A woman has hatched three ducklings from eggs she bought in Waitrose. To pass the time during lockdown after being furloughed, Charli Lello, 29, from Hertfordshire, put the Clarence Court eggs in an incubator as an experiment. After they hatched, she said the ducklings would live “a very happy life” with her pet chickens.
Investors with all their eggs in the equities basket would have been left reeling last week as the market fell on an uptick in new coronavirus cases. Asset class returns in sterling and local currency are below; while risk assets fell, save havens such as government bonds or gold benefited from the flight to quality assets.
Figure 1: GBP total returns
Figure 2: Local CCY total returns
Welcome to 2002! Of course, we’re not actually that lucky as to have escaped 2020. Instead, recent figures released by the ONS reveal that UK GDP has taken such a hit from the coronacrisis that the economy as of April was the same size as it was in August 2002 (see Figure 3). Statisticians at ONS commented that this was the largest fall in GDP the UK has ever seen, with virtually all areas of the economy hit. Drilling down into the data, there is no surprise that accommodation and food related industries – two areas where revenues have dropped to negligible levels – have been some of the worst affected areas with growth rates reaching an eyewatering -40.9%.
As we’ve mentioned over recent weeks, there is currently an unintuitive debate amongst economists as to which letter they believe best represents the shape a recovery will make on a graph. The most bullish are pointing to a V-shape (a sharp return to normal), while the most bearish point to a L-shape (flat growth indicating a depression). At this point, you might well be thinking “enough of the economics jargon, what does this actually mean for the economy?”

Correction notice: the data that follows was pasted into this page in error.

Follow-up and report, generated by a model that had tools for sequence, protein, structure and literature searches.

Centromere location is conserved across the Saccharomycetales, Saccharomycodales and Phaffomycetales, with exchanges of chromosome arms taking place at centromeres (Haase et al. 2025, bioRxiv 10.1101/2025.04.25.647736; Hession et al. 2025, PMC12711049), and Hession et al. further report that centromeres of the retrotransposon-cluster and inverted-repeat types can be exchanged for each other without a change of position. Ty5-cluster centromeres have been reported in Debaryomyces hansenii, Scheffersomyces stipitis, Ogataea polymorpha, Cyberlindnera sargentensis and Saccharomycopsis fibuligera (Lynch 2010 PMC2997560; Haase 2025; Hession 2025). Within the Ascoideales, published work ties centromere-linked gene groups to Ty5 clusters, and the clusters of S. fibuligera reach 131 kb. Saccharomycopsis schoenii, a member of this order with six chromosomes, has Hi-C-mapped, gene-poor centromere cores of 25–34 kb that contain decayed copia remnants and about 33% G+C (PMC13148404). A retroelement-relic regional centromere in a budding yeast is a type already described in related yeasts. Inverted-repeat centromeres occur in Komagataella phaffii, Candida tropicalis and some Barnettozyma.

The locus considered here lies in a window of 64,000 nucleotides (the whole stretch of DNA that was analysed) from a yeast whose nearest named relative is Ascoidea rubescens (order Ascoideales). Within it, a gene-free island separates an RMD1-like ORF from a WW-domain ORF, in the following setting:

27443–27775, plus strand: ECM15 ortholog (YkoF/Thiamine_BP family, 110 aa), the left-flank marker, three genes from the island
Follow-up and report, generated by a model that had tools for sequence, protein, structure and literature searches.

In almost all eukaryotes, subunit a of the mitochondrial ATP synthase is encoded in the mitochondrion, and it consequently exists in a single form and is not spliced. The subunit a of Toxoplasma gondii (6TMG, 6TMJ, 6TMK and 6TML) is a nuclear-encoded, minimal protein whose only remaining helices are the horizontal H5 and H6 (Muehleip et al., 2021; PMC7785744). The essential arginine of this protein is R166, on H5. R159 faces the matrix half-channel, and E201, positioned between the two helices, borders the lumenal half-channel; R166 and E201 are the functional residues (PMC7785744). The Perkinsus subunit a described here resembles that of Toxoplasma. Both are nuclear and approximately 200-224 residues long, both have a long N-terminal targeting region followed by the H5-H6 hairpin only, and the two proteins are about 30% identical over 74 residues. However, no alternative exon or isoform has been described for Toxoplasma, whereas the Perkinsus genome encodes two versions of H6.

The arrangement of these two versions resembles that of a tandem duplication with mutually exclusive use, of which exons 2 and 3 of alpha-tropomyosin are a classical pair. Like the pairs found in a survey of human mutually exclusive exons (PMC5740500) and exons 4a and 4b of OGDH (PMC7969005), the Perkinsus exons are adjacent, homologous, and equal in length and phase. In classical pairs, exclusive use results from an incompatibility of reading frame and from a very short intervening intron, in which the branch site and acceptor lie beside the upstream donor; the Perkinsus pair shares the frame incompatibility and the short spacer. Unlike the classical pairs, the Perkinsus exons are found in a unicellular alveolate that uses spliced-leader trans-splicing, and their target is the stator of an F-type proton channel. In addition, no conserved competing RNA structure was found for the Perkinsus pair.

To illustrate what a recovery might look like, we’ve created a rather crude chart (Figure 4) with three theoretical scenarios going forward. We add as a caveat that these scenarios make no assumptions as to whether we will see a second outbreak of the virus in the coming months.
- Scenario 1 might represent an overly fanciful scenario whereby all businesses can return to normal, there is a return of all furloughed workers back to employment, and that consumer demand returns to pre-crisis levels.
- Scenario 2 could then represent a moderate bounce back in economic activity but would recognise that there has been large scale damage to some industries which could take longer to recover than those which have remained productive through the crisis.
- Scenario 3 would then represent a weak recovery where consumers fail to deliver on expectations that there is pent up demand, and normal life more broadly has a slow return.
|Figure 3: UK GDP suffered its largest fall on record in April as the lockdown intensified
||Figure 4: Current debate centres around whether we are likely to see a sharp rebound in economic growth, or a more protracted return to “normal”
|Source: Office for National Statistics, EQ Investors||Source: EQ Investors|
But as we just said, the hotly debated recovery paths illustrated above have presupposed no second outbreak of the virus! Therefore, it’s no surprise that fragile market sentiment was shattered last week as fears of a second outbreak in both the US and China began to resurface. In the US, a jump in infections across Texas and Florida were reported after the reopening of state economies, while Chinese officials have moved to lockdown Beijing after 80 new infections were recorded over the weekend.
|Figure 5: Having stemmed the number of daily new cases at the end of March, the two states have seen a resurgence in infection numbers as economies have reopened
|Source: Bloomberg, EQ Investors|
So, what now? There is no doubt that investors and economists will be revisiting their previous assumptions around which shape a recovery will take. But in reality, the heightened levels of uncertainty make second guessing how events are likely to pan out over the next six to 12 months very difficult.
STAT OF THE WEEK: 19.7% – the projected fall in remittance payments to low and middle-income countries in 2020 (World Bank).